Boo! Eek! Ahhhh!
Horror is the genre of the one syllable word, the exclamation point, the elongated scream.
Notwithstanding the commercially successful novels of Dickens and King, horror is the genre of the short story. Notably, both those popular writers mastered short forms first. But before them, Poe -- credited with both the invention of the short story as a genre and forefather of today's horrific tale -- predicated his work on the notion of the "single desired effect." That effect, in his "Amontillado," is the terrifying notion of imprisonment. One could read this as some extended metaphor for the human condition, or even draft a dissertation on the tale's allegory for the writer's relationship to his own addiction. But Poe was going for the frisson at the end. The chill. The shock. The surprising revelation of a secret plan, which the character (and the reader) only got a momentary glimpse of before it was all too late.
Horror is the genre of the jolt, the shock, the spark. The horror story's conflict is always a matter of life and death, but death -- even to an undead creature -- always comes as a surprise. The climax of a horror tale is almost unilaterally a killing blow, catching someone or something unaware. Death almost always comes too soon -- that's why we fear it. Life is always too short. Never long enough.
Horror's shortest stories replicate this logic, capturing the brevity of life in its most distilled form. Whether in the deeply felt frisson or the immediate spring of a surprise, horror requires brevity.
A cold hand on the shoulder. A sharp bite on the neck. A rusty knife in the ribs.
Horror novels and films rely often on suspense -- on holding one's breath as if that could extend life. Although it borrows heavily from the mystery and detective genre, horror is not a whodunit. Horror's mysteries are usually universally repressed truths and suspense is a piano chord that can only be played so long. Horror bangs on the same piano, producing chaotic chords. Cacophony. Horror pounds the keys of the literary piano in staccato rhythm. Horror resides in the chirp of the Psycho soundtrack. The arc of Norman's knife. And the pulse-racing dribble of the camera down the drain afterwards.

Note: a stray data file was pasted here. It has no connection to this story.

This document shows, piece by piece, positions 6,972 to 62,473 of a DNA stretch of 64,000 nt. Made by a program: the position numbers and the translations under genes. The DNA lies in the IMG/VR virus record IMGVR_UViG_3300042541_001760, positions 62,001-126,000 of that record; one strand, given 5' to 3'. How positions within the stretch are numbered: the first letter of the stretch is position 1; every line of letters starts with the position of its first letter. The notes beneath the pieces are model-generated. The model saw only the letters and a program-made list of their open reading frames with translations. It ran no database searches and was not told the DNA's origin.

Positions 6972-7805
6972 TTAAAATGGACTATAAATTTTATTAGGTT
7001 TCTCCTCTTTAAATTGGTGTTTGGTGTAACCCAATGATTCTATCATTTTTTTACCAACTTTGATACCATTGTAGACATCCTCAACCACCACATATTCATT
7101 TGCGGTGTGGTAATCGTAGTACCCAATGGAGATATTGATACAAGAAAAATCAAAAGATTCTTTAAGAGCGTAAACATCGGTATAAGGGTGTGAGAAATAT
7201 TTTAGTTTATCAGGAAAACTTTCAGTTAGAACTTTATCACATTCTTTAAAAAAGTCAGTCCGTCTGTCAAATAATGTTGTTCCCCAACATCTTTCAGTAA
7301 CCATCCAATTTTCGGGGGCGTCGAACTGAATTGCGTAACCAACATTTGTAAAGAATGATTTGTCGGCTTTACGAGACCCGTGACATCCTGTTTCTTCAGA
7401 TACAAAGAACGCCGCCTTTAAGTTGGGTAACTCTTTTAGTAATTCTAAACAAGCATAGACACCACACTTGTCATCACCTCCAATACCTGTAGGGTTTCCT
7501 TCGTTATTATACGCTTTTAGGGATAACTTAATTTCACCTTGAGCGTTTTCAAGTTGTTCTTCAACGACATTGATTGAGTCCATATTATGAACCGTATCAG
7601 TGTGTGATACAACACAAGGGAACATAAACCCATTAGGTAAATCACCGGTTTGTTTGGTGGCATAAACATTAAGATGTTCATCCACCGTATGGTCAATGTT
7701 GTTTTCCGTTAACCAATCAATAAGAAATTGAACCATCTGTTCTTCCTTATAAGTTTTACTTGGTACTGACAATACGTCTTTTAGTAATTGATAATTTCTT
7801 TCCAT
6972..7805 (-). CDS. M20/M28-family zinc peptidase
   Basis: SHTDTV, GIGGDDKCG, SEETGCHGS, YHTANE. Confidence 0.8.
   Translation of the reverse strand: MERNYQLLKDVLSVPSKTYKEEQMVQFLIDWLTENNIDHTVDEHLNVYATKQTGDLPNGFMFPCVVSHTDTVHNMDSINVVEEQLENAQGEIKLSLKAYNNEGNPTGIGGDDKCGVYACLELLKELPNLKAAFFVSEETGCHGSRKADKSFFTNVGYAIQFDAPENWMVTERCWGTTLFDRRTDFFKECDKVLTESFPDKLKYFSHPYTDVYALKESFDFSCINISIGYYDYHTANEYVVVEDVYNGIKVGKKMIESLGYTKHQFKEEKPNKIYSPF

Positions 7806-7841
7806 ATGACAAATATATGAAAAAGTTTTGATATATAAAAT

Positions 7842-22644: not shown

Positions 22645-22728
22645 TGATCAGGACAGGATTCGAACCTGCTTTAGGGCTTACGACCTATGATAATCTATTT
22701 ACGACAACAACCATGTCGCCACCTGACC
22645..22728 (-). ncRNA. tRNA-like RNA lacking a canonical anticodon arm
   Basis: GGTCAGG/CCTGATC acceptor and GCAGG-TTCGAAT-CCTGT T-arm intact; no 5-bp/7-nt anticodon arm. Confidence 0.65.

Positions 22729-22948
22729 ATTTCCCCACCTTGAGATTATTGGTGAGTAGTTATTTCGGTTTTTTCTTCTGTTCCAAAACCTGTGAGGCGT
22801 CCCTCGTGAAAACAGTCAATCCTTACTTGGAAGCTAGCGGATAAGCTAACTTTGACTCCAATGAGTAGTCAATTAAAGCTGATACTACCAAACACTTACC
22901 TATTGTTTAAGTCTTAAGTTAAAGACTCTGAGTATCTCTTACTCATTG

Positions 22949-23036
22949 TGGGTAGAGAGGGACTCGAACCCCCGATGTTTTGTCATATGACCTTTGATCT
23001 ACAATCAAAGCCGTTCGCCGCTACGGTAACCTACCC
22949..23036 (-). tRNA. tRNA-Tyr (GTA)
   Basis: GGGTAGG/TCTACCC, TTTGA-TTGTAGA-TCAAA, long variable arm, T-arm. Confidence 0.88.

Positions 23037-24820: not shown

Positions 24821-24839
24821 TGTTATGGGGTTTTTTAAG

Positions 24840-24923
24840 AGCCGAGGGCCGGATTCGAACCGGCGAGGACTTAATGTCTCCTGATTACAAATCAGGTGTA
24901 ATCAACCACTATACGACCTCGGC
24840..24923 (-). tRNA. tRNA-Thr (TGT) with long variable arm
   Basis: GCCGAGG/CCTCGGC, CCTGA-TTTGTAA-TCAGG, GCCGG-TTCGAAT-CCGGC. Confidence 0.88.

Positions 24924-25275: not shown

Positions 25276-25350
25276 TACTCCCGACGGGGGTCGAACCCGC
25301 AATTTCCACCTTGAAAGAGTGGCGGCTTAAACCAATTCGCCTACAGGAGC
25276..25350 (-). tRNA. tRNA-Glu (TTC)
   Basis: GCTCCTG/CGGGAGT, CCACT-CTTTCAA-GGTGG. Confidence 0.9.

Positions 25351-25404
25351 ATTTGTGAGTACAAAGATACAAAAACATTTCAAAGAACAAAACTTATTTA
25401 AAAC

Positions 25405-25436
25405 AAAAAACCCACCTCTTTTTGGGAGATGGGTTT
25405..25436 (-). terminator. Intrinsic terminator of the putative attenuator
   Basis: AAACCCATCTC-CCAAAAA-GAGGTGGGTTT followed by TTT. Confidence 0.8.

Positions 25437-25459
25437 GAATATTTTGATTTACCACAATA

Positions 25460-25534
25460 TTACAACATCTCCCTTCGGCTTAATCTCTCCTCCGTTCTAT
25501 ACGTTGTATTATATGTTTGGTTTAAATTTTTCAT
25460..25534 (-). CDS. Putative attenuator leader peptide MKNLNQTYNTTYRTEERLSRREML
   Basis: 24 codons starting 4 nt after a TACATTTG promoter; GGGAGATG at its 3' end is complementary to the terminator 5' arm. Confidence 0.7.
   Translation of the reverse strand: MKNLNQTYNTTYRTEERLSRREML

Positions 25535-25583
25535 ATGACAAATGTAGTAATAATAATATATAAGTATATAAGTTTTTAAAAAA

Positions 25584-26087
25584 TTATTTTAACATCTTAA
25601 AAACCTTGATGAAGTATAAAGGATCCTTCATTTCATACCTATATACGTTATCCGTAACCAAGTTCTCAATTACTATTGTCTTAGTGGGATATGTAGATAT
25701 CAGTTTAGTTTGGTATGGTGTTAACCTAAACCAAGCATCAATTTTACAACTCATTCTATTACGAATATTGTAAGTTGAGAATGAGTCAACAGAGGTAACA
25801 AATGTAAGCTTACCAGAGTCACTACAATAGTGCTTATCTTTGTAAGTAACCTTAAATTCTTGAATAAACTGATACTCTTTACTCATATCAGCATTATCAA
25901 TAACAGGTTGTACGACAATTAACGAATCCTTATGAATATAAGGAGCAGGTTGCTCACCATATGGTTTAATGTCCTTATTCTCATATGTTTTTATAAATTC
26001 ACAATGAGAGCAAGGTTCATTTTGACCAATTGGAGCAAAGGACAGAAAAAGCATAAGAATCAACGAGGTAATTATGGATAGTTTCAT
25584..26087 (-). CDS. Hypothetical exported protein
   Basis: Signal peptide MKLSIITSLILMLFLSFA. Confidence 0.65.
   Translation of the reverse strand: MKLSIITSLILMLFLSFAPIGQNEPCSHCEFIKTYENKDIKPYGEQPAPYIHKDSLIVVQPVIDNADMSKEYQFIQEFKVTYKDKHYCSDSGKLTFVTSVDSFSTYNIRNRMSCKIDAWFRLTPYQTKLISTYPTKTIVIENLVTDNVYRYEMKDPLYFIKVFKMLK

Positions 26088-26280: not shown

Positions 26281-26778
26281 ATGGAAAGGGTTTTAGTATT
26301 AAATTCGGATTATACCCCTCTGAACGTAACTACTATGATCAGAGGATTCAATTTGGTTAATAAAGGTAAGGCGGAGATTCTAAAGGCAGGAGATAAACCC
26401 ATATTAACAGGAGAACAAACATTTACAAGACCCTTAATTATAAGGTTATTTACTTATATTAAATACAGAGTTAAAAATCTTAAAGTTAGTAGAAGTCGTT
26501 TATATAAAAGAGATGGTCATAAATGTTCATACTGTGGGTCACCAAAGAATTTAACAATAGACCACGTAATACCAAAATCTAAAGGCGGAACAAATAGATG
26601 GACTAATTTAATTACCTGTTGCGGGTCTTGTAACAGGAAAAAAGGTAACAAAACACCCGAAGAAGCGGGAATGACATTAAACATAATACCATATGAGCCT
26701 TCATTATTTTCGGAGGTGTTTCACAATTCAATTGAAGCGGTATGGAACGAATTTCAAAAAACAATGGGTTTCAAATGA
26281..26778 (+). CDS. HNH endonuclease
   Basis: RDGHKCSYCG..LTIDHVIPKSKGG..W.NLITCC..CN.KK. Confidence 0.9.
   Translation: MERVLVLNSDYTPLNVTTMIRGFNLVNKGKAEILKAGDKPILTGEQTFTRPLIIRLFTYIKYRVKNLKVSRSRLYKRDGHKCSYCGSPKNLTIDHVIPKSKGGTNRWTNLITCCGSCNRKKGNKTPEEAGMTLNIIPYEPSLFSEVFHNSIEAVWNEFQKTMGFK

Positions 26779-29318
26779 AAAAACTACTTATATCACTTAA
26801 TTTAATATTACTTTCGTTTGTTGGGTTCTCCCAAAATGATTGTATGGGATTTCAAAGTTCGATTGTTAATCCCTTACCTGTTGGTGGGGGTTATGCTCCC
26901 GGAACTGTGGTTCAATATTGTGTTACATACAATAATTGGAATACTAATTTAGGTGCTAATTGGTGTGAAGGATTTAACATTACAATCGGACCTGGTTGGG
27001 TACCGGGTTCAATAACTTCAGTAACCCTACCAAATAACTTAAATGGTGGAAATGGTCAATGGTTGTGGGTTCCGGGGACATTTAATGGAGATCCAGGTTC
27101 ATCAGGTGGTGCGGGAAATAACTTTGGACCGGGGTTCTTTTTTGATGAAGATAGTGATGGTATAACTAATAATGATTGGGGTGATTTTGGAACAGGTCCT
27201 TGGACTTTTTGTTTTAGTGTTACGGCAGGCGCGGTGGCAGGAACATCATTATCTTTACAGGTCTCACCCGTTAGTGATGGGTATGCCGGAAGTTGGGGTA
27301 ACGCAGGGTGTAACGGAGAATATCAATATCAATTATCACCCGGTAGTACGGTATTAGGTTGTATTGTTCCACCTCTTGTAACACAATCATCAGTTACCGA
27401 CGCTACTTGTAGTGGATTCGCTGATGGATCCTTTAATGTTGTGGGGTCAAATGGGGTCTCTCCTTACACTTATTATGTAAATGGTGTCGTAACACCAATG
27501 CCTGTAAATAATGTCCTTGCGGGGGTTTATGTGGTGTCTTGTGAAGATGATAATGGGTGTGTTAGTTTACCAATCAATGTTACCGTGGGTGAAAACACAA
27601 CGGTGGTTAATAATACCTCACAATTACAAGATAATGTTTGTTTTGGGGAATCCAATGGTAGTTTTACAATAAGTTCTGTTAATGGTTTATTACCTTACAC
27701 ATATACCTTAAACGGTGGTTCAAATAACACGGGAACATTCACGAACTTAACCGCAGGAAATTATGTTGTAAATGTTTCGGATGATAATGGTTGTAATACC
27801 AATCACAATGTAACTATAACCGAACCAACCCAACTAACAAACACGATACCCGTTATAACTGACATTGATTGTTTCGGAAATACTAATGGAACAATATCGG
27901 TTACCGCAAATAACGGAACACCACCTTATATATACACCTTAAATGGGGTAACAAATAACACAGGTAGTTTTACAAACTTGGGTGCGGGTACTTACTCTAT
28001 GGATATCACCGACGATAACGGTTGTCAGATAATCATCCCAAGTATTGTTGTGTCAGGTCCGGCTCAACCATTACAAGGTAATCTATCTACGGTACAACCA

Horror is a thrill ride. If you stay aboard the ride for too long, you become immune to the curves that toss you around in your car. You see the cardboard cutouts coming. You might even stare at the safety mechanics with bemusement. Good horror is the shortest and most dangerous ride at the literary carnival.
Good dark poetry can capture the spirit of horror. Baudelaire new this. He also knew that that boundary-blurring form -- the prose poem -- could evoke the uncanny and the fantastic by bridging together the magic of poetic language with the belief inherent to narrative logic. Horror combines the metonymy of madness with the metaphor of malignancy.
Horror is the most subversively experimental popular genre of them all. Sometimes it's a wolf in sheep's clothing on the mainstream paperback or video racks; sometimes it's an underground or occult treasure, a cult classic known only to a few. But it always offers a counterpoint to the moral status quo and the culture of boredom -- it seeks to disrupt normalcy, to break boundary lines, to challenge the rules. It appeals to teens because it rebels against a culture that would over-protectively parent its people. But it is not pop music; it is alternative rock on the literary radio. A space for emergent forms.
Horror readers expect the unexpected. The genre in toto therefore flaunts its literary experiment as a struggle to say something new when the reader least expects it. Minimalist horror fiction and short scary poems are not signs of a "short attention span" culture -- instead, they are thought experiments that challenge the genre's more popular mainstream (and predictable) forms. They run counter to the mass marketed horror novels and two hour teen angst dramas. They present a snapshot of terror that fixes life and death perpetually in a brief moment of time, as formally structured and composed as the works of German Expressionism. Their brevity also prevents readers from spending time analyzing the monsters of horror long enough to spot the zipper running down their back.
Minimalist horror is a shotgun shell: a tightly wadded package of shrapnel designed for maximum coverage, minimal escape.
It's bleeding that takes time. Not the injury that causes it. Bleeding is what you do afterward, reeling from the attack.
And the genre is renewed. The rebirth of the genre is always already a part of its death.
Horror remains the genre of the undead.